There were in those early stages of Candombe three main characters: the "Mama Vieja" (the old nanny) and young female vendors of little cakes and puddings, dressed in European fashion or all in white long skirts and white scarves round their heads, holding colorful parasols they rhythmically started, setting the tone of the dancing to the ever-increasing sound of the tamboriles. She always danced near or with the "Gramillero" (the grass man) that with top hat, frac and white beard pretended to woo her. He also represented the witch doctor, the "shaman", who can heal with grass and herbs.

The third most prominent performer is the "Escobillero" (the broomstick-man) colorfully dressed in an artistic African tribal style, with little mirrors in his attirement that shine and glitter with the contortions and his dancing steps, whilst he shows his skills and dexterity running the broomstick and rolling through all his body trying not to let it fall. The "Escobero" also represents a tribal warrior who competes with another broomstick-man from another group or "Cumparsa", trying each other to make the other one trip and fall, thus determining who is the winner. Finally the "Escobero" with his broomstick represents the parade leader of each "cumparsa".

When slavery was abolished in Uruguay the necessity of the meeting places started to wane till they finally disappeared in 1890. It was then that the Afro-Uruguayans started taking part in white communities' carnival celebrations and parades. That is when the "llamadas" (callings) started, and continue till the present day. Different dancing groups or cumparsas are formed, originally based in Afro neighborhoods. A few drummers start playing and beating their drums and move on to fetch others to join the parade. They "call" others to join till the different cumparsas swell to hundreds. The whites join in too, some of them in cumparsas called "Lubolos"; whites with their faces painted black and beating and dancing to the sound of the candombe. The event is now interracial and international but the stars are the members of the afro-Uruguayan community.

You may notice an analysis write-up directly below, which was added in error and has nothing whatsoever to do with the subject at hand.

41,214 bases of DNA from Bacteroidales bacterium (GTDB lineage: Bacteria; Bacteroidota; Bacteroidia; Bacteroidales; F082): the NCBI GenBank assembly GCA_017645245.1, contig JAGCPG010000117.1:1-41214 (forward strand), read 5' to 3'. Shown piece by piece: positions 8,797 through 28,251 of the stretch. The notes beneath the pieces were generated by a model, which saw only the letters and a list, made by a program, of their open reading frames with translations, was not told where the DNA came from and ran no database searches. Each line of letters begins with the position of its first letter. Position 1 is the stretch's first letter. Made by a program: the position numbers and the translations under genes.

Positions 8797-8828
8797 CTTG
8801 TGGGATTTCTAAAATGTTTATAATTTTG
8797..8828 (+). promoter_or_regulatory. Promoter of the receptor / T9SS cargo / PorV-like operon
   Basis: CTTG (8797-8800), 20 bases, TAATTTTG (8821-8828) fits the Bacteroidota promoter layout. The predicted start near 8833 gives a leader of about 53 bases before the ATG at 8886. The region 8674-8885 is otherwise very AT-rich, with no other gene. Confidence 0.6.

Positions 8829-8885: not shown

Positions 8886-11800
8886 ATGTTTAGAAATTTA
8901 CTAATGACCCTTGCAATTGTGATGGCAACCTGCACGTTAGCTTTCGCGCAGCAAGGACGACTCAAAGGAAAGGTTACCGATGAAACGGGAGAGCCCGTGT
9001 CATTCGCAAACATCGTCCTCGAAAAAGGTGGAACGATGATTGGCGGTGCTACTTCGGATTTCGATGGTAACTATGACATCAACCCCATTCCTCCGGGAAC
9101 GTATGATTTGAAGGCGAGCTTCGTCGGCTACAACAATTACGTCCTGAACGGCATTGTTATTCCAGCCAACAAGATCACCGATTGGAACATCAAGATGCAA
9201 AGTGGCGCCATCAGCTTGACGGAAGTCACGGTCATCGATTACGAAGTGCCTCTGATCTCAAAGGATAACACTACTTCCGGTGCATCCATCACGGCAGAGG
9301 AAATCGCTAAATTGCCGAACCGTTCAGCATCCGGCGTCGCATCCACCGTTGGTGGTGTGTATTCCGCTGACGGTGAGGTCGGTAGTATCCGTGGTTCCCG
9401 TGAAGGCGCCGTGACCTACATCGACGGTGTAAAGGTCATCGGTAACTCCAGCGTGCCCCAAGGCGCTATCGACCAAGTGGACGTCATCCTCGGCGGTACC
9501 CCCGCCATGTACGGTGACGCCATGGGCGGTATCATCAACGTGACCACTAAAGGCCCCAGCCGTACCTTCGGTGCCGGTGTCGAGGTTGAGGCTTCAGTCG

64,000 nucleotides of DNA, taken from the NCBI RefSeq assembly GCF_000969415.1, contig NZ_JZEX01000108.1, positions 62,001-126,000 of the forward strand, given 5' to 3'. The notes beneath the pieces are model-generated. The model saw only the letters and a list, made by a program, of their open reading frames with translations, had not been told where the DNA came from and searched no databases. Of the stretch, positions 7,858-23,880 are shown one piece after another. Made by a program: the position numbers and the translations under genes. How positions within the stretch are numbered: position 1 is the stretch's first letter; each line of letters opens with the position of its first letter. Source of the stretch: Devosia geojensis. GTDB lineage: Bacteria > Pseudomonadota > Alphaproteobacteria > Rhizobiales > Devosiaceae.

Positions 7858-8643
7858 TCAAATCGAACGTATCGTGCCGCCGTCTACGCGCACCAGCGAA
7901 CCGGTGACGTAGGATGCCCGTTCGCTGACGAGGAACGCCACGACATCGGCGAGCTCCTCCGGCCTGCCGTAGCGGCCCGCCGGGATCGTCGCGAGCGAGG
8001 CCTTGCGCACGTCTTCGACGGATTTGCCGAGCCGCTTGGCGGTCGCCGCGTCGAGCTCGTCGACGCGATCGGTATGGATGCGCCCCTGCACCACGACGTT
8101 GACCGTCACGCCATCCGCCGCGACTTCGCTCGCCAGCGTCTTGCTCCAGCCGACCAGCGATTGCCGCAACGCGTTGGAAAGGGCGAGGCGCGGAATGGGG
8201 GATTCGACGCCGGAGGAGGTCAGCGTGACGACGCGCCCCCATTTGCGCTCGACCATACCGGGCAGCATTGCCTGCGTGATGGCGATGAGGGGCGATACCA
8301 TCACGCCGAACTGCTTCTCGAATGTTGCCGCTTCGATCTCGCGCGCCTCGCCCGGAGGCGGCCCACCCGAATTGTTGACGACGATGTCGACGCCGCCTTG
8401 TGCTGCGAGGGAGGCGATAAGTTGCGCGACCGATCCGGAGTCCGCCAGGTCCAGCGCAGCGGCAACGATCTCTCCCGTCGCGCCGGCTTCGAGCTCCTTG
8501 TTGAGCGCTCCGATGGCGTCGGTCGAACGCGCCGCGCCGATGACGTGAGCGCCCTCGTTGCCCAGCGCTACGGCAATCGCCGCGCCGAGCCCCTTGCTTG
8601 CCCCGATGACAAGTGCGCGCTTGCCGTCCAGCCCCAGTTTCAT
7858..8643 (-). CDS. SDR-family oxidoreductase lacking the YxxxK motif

The "Llamadas" is the most popular event of Uruguay's carnival and it explodes like a "supernova" only one fantastic night in the year. So much has the candombe influenced tango and milonga that the most famous tango of the world " La Cumparsita" (the little cumparsa or parade) is like many other famous Uruguayan tangos. This said, without meaning to tease our argentine brothers on the other bank of the river plate, and the colleagues in this forum. The different cumparsas start to parade with huge flags identifying each group of hundreds, as the dancers and public stretch through blocks and blocks. The dancers dance with little mincing steps or large jetés, shuffle their heaps and thoraxes, swivel the whole of their bodies to the syncopated rhythm. A multitudinous event of music, percussion and dancing is on its way. As the author James Michener says, when the world dances, the whole world seems to smile. The whole crowd is in a frenzy of joy and expansion in the middle of the 20th century under the influence of the Brazilian carnival, the "vedettes" were added to the parade and beautiful Afro-Uruguayan women display their charm to the rhythm of the candombe.

In the present day the Candombe permeates all young Uruguayan music, adapted to the contemporary rhythms, initiated by Elvis Presley and The Beatles, among others. The "candombe-rock" and the "candombe-beat" blend with the traditional forms. As Plato refers of Socrates, I, like him, have not yet been able to obey the precepts of Delphi: knowing myself. Because of my ignorance it would seem ridiculous trying to know that which is strange to myself, as knowledge refers. But, I do "feel" that dancing gets us closer to heaven. Closer among ourselves, whatever race or religion, a perfect example is Candombe.

Dancing as a physical expression of a spiritual state is a form of culture that spreads with no barriers throughout the world, bringing humanity together and away from egotisms, evils and wars. It is an altruistic form of culture, common to all human beings. Let's dance to understand and tolerate our differences.

Ms. Jeannie Fontaina